Quantum Computing Review Q1 2023
Welcome to IDQ’s Q1 Quantum Review, 2023. Here we look back over the past 3 months and bring you some of the noteworthy stories from the world of quantum technologies. In this edition, the UK and Canada both launch National Quantum Strategies and there are further advances in the fields of quantum volume and error correction.
Global quantum initiatives
At the beginning of the year, the Canadian government launched its National Quantum Strategy. Backed by $360million in investment, the initiative will focus on three distinct areas of quantum technology: computing hardware/software, communications, and sensors. The aim is to enhance Canada’s standing in the quantum landscape, with significant investment in quantum research, the recruitment of talent and the commercialization on quantum technologies.
In March the UK announced it was to invest £2.5billion in a decade-long initiative to maintain its position as a leader in quantum innovation. Its National Quantum Strategy will see funding more than double the previous National Quantum Technologies Programme, which has benefitted from £1bn investment since being introduced in 2014. The programme was announced in the annual budget statement and will see the newly established National Quantum Computing Centre in Oxford play a pivotal role.
According to a new report from the European Commission on The EU’s Quantum Technology Flagship, Europe is leading the way when it comes to deploying quantum technologies. The report provides an assessment of the 10-year, €1Billion project to date, focusing on the ramp-up phase from 2018 to 2021. Highlights include more than 20 research projects undertaken, the establishment of 25 start-ups, the registration of over 100 patents and the publication of over 1,300 scientific papers. To date, the program has brought more than 1,500 scientists and 230 organisations together, including more than 100 universities. IDQ is proud to be a part of this initiative and to have participated to a number of QRNG and QKD projects, including OPENQKD, by supplying the majority of QKD systems and supporting the testbed and use case coordinators in all phases of the project.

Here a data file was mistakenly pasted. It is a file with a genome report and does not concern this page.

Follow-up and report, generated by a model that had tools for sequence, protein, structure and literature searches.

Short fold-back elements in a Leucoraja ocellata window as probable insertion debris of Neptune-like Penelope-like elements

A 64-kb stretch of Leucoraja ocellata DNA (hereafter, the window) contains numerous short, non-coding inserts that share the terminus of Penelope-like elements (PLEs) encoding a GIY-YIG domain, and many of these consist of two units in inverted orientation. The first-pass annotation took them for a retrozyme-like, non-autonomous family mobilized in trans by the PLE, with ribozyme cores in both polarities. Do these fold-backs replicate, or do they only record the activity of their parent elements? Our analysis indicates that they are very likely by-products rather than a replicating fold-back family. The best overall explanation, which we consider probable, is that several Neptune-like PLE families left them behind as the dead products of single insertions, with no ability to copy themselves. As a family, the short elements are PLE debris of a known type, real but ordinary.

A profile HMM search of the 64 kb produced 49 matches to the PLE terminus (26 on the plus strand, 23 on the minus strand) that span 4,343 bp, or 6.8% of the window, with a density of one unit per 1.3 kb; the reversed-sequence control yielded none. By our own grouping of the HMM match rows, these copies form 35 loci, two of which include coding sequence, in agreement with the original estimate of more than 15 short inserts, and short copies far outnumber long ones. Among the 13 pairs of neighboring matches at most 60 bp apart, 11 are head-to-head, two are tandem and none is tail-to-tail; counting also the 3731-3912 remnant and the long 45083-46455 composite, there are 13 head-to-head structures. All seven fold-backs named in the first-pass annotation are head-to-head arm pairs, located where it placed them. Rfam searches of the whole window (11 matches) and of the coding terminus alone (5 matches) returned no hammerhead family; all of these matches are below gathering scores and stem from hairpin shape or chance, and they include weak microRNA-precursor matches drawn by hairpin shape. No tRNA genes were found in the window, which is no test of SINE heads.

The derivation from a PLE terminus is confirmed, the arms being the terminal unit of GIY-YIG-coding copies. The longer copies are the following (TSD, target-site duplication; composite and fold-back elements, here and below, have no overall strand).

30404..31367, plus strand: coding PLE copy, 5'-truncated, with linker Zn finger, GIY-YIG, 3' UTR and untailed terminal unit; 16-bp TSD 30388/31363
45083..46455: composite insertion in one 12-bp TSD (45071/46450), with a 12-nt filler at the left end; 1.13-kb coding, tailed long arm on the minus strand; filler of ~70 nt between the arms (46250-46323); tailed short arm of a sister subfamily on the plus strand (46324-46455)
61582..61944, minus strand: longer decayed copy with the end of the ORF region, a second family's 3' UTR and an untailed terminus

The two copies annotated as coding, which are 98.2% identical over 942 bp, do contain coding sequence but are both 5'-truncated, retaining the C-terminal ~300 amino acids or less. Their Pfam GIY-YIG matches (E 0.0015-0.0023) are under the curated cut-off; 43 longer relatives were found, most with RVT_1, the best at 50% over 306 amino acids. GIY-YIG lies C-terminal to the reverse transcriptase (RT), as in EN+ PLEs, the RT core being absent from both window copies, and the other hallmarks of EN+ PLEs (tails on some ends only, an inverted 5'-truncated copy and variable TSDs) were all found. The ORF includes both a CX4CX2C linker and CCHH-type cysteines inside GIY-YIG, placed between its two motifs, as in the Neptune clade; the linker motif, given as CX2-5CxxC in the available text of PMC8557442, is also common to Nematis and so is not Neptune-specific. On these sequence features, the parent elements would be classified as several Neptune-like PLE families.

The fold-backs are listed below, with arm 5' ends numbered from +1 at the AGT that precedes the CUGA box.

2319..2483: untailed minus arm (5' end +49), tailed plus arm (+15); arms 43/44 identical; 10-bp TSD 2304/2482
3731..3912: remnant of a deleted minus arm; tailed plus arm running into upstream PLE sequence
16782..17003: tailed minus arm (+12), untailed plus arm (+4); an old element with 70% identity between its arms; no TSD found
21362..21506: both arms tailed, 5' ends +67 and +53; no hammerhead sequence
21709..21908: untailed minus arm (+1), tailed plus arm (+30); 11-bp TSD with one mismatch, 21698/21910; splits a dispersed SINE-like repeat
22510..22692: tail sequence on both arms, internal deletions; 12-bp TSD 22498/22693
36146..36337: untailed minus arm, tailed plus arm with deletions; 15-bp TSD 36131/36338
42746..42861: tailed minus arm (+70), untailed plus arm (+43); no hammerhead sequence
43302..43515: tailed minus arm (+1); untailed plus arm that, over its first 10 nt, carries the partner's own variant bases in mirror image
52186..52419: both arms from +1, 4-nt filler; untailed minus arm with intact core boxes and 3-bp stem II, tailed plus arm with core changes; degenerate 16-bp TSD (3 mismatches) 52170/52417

The worldwide public quantum effort is now reaching around $36 billion according to Qureca, who released their latest update in January 2023:
In February, researchers from the University of Sussex and Universal Quantum demonstrated qubits can directly transfer between quantum computer microchips, overcoming a major challenge to scalability. In a paper published in Nature Communications, the team successfully transported qubits with record breaking success and connection rates.
Later the same month, it was widely reported that Google had made a major breakthrough in error correction that represented a “major shift” in quantum computing. For the first time ever, their Quantum AI researchers have experimentally demonstrated that it’s possible to reduce errors by increasing the number of qubits. However, by their own admission, Google researchers said they were taking a “cautious” stance on the breakthrough.
Quantinuum, specialists in ion trap quantum computing, announced a new performance record, with its H1-1 system achieving a quantum volume of 32,768. Originally developed by IBM, quantum volume has become a recognized measure of quantum computing performance.
Intel has launched its Quantum Software Development Kit. Described as “a full quantum computer in simulation” it allows users to program quantum algorithms in simulation. Built to industry standard specs it integrates with C/C++ and Python applications.
With the quantum computing marketplace expected to reach $125billion by 2030, investment in quantum start-ups and initiatives continues apace, with some significant sums being secured this quarter:
Israeli startup Quantum Machines announced a $20million extension to the $50million series B funding it secured last year.
Australian firm Q-CTRL raised $27millon, with Salesforce Ventures joining as a new investor.
London based Quantum Motion Technologies raised $50million (a UK record) in funding to support the company’s development of silicon quantum processors.
IDQ in the news